Keyframes, GOP size, and alignment

Keyframe interval, also known as keyframe rate or GOP (group of pictures) size, should be selected based on how the content is to be delivered. To ensure compatibility with multiple delivery protocols, we suggest you use keyframes every two seconds. This ensures that they fit evenly into delivered segments for streaming protocols that are generally six or ten seconds long. Using alternative keyframe rates might be warranted based on the content type (such as, slow-motion talking heads or high-motion sports). In these situations it is worth evaluating your keyframe rate in conjunction with the selected delivery protocols to ensure compatibility. In addition, all keyframes must be of type IDR to ensure frames in one segment do not require data from another segment to display properly.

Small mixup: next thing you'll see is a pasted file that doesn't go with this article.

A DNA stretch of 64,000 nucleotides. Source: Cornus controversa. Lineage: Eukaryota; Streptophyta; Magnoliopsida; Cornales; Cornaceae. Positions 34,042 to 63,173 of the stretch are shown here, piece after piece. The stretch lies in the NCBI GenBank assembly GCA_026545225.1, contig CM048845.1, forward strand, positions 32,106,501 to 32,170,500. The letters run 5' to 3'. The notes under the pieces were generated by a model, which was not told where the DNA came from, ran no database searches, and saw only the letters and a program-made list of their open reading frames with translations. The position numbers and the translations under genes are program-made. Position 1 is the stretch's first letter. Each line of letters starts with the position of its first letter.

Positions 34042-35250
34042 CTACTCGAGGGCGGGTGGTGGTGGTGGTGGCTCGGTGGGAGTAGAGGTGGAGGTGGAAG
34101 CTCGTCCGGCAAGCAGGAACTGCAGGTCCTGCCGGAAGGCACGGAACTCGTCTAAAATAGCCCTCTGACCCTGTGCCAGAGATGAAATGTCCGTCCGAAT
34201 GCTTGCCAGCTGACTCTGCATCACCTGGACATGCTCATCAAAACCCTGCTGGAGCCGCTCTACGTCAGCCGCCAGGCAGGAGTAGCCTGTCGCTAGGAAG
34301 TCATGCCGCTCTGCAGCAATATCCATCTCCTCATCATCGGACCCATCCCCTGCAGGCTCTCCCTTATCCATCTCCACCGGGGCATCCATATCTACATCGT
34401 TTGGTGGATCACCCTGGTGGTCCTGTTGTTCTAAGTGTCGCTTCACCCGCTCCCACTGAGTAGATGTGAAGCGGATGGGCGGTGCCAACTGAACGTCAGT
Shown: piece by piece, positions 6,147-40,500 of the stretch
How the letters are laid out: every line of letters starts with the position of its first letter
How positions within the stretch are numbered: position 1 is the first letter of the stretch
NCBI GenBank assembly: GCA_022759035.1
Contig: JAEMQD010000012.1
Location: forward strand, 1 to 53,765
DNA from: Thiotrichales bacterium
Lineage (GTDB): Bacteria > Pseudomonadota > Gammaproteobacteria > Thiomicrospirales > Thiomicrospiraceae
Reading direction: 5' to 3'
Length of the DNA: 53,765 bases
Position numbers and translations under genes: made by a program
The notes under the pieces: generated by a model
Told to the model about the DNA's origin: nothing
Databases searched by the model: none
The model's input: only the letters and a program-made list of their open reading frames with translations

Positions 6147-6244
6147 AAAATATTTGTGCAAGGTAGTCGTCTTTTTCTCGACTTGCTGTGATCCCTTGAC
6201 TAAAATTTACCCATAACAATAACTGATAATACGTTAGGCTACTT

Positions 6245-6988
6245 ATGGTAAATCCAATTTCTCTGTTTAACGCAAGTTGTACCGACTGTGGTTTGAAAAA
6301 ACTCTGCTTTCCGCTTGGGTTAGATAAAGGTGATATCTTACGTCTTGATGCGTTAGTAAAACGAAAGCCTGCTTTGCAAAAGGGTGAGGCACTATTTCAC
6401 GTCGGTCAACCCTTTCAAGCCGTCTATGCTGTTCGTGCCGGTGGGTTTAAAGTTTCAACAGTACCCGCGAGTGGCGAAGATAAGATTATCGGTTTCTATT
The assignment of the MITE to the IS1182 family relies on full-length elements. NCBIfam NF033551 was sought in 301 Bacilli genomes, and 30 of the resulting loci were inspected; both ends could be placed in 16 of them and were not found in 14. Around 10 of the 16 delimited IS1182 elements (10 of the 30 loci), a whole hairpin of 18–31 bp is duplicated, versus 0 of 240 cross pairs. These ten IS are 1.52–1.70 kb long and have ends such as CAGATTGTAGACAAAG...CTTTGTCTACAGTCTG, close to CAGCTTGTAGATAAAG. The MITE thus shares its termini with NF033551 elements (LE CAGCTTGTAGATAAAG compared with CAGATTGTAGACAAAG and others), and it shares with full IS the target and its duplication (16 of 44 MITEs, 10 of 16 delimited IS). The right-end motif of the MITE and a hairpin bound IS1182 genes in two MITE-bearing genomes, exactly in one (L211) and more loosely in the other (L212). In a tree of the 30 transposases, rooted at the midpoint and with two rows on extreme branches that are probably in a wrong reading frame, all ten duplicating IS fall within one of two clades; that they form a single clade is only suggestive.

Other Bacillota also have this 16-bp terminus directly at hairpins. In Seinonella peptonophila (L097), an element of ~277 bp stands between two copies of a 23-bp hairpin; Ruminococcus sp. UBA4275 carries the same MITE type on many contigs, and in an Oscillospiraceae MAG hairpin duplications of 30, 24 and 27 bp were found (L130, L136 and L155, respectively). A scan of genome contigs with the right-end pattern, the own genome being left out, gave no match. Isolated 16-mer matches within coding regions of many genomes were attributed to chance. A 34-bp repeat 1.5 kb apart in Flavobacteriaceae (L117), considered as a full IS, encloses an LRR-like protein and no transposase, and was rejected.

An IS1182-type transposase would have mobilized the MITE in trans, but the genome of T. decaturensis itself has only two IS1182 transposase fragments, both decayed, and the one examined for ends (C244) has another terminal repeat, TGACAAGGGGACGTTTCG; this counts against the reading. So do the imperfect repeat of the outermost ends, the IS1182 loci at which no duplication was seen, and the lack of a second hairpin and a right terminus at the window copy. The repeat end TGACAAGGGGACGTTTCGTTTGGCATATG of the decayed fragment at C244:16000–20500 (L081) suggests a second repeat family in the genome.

Keyframe interval must be identical across different renditions of the same video to allow mid-stream switching, allowing the best possible renditions to be delivered at any given moment

Some encoders have an option to enable scene change detection that allows keyframes to be inserted when a scene change occurs. This improves visual quality by allowing the entire frame to be redrawn when necessary. Due to the extra keyframes possible with this setting, you can raise the overall bitrate of the video.

Keep in mind that adaptive bitrate streaming still requires consistent keyframes within each rendition and is shared across the rendition set. Therefore, you should only enable scene change detection when it can be in conjunction with a minimum keyframe internal option. This enables the encoder to insert keyframes even when a scene change is not detected.